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Currently Featuring the 2018 Special Edition
for year round submissions
River Poets Journal
in its 12th Year
A Journal of Poetry/Prose/
Art & Photography
Below - Sampling of Poetry and Art from
The 2018 Special Edition - The Immigrants
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On that page click on The Immigrants River Poets Journal Special Edition 2018.pdf"
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Poems by River Poets Journal Contributors
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Musical Composition by Sandy Bender
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This page was last updated: July 9, 2018
my father was a zappatore
his garden was his glory
precision in his planting
meticulous in tending
joyous in his harvest
to see him sweat salted,
smiling in his greening
l'orto siciliano **
was to know the truth
of Demeter and Persephone.
my mother took his mantle
when he died.
her tending a caress
her harvest their embrace
each planted seed
a kiss upon his cheek.
* agriculturer labourer/digger
j a farina
1905: Accoutrements of Absolution
Forgive me my grandmother Amelia’s
voluminous Edwardian hat of black felt,
its copious white plumes,
its matching fan studded with seed pearls.
One night she nestled that lush chapeau
on her head, swept her arm to test
the play of billowing feathers of her fan
the accessory to her crime,
as a thousand miles away, Guy Bradley,
bird savior of the Everglades, was crucified.
She indulged in the plunder of egrets,
ignored reports of the hunters’ rifle shots,
shut her eyes to photographs
of his riddled body left to rot
like another bird carcass plucked clean.
I inherited her decorous finery and
a quill’s worth of Grossmutter’s vanity.
A hundred years later, I admit I am keeper
of my grandmother’s bequests,
but grateful to my patron saint
they, mercifully, remain out of fashion.
©Karla Linn Merrifield
Visit the Reading Room for a new Flash Fiction story
"The Immigrants," by Marina Celeste (De Mirza) Little
Moon and clouds conspire
on this darkest night
we hide and wait for the boat
wait for our cousin Louisa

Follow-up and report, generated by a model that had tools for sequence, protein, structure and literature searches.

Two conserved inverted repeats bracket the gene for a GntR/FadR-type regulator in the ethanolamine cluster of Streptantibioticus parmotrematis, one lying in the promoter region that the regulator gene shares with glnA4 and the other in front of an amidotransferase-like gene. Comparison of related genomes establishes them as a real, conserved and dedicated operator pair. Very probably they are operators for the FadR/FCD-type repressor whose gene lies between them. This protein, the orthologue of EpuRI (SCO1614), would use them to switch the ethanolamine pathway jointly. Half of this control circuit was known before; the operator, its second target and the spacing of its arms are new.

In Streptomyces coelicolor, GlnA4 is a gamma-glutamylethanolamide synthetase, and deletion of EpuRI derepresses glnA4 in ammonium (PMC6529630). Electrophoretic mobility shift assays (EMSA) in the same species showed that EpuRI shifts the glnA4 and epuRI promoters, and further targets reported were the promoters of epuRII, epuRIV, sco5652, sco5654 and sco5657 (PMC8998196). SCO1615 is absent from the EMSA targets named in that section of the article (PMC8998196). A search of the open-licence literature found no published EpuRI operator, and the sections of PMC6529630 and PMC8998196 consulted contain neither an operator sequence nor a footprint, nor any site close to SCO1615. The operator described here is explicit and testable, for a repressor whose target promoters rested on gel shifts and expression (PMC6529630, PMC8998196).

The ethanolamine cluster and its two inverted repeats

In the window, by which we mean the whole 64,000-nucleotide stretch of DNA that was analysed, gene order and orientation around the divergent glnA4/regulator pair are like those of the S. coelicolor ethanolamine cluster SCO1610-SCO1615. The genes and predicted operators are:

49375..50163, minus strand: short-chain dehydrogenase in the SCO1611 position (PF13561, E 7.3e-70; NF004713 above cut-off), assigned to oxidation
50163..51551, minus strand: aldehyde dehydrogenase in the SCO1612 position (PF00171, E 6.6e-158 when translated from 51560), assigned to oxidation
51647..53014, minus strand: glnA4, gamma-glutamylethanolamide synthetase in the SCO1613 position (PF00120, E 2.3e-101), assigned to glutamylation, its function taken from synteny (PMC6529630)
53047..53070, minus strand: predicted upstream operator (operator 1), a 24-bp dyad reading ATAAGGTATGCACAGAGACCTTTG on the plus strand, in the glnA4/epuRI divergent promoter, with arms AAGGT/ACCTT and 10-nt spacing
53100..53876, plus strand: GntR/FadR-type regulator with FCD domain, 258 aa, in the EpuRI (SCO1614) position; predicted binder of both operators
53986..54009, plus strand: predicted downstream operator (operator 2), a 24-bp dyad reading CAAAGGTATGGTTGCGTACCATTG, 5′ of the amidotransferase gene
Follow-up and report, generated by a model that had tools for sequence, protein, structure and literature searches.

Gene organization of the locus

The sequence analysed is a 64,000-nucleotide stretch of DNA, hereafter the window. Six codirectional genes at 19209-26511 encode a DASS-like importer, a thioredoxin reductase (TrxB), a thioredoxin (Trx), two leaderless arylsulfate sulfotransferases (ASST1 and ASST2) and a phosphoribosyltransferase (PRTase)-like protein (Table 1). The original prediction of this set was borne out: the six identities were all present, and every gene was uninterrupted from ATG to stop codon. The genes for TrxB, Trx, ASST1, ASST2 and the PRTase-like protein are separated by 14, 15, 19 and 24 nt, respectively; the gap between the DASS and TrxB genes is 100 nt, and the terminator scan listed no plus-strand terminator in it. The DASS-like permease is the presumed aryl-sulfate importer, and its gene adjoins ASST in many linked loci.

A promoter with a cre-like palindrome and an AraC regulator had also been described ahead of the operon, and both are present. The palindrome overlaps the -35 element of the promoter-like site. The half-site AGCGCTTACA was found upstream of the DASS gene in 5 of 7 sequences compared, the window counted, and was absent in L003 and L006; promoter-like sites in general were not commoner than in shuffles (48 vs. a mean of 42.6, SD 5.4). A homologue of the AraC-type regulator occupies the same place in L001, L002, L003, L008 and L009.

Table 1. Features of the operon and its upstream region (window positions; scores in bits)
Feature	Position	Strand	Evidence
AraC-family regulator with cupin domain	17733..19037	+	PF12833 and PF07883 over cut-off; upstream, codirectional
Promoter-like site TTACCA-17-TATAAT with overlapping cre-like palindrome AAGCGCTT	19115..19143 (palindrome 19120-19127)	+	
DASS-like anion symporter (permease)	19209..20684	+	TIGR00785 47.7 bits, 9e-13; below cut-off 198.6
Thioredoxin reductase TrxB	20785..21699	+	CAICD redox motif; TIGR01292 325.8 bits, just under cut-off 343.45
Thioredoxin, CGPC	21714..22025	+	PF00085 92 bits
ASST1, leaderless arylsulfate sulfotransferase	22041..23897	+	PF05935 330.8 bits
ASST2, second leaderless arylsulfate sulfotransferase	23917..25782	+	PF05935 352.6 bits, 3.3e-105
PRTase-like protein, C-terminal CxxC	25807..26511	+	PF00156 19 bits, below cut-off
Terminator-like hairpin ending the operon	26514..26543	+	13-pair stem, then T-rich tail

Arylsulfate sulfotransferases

who needs her mother
Through the quiet river
the slow boat flounders
We hide behind a border fence that
is a pile of blocks to keep her out
At this place near the water
at a break in the stone
here we wait for Louisa
As the boat comes closer
Louisa jumps out and swims
towards the brush through eel grass
Her legs pumping, she slows
the grass entangles her legs
she struggles until by the bushes
we pull her up and through the pile of blocks
Louisa was warm in her mother’s arms
but not safe
The days of late May linger; it was late.
I calculated—still some leagues to go—
then thought to pick my pace up to a gait.
My great-great-great-grandparents used to know
this road! They might have walked it, with a cart,
or on a Sunday, long before it crossed
their minds to leave the townland farm and start
anew, leaving behind two babes as lost.
I’d seen the records in the church and knew
all of the children’s names and godparents’.
The books went back to 1782
and listed all my great uncles and aunts.
Exhilaration, though, trumped the fatigue
with giddiness which made me see the rains
that drenched me suddenly on the last league
as a refreshment. Giddiness explains
much, but not the equally sudden light that pierced through the cloud wreaths around Blackstair
and Mt. Leinster beneath which, till the blight,
my family had tilled the soil, somewhere.
When you go to Ireland, to your homeland—
for want of any better place to go,
because your cousins want to understand
their roots (and you would also like to know,
because it’s interesting, because it’s there)—
you’re greeted by the makings of your soul,
the dead, which seem to pop up everywhere
to help you home. They’re almost visible.
©James B. Nicola
Mary Jane rang an Irish refrain,
drunk on Ten Bells whiskey.
Her unpolluted apron ablaze,
she surrendered a scarlet shawl
and her weary wildgrass heart
to the rogue incubus cloaked
in the serrated fog, haunting
every step of squalid streets,
preying on its darkest shadows.
She placed the native beauty berries
upon her wooden churchyard grave,
marked with the Unfortunate’s brand
she seared upon her own scars
when she abandoned everywhere
that could tie her to anyone.
In the end, there was nothing
she would not do
for a fire.
©Megan Denese Mealor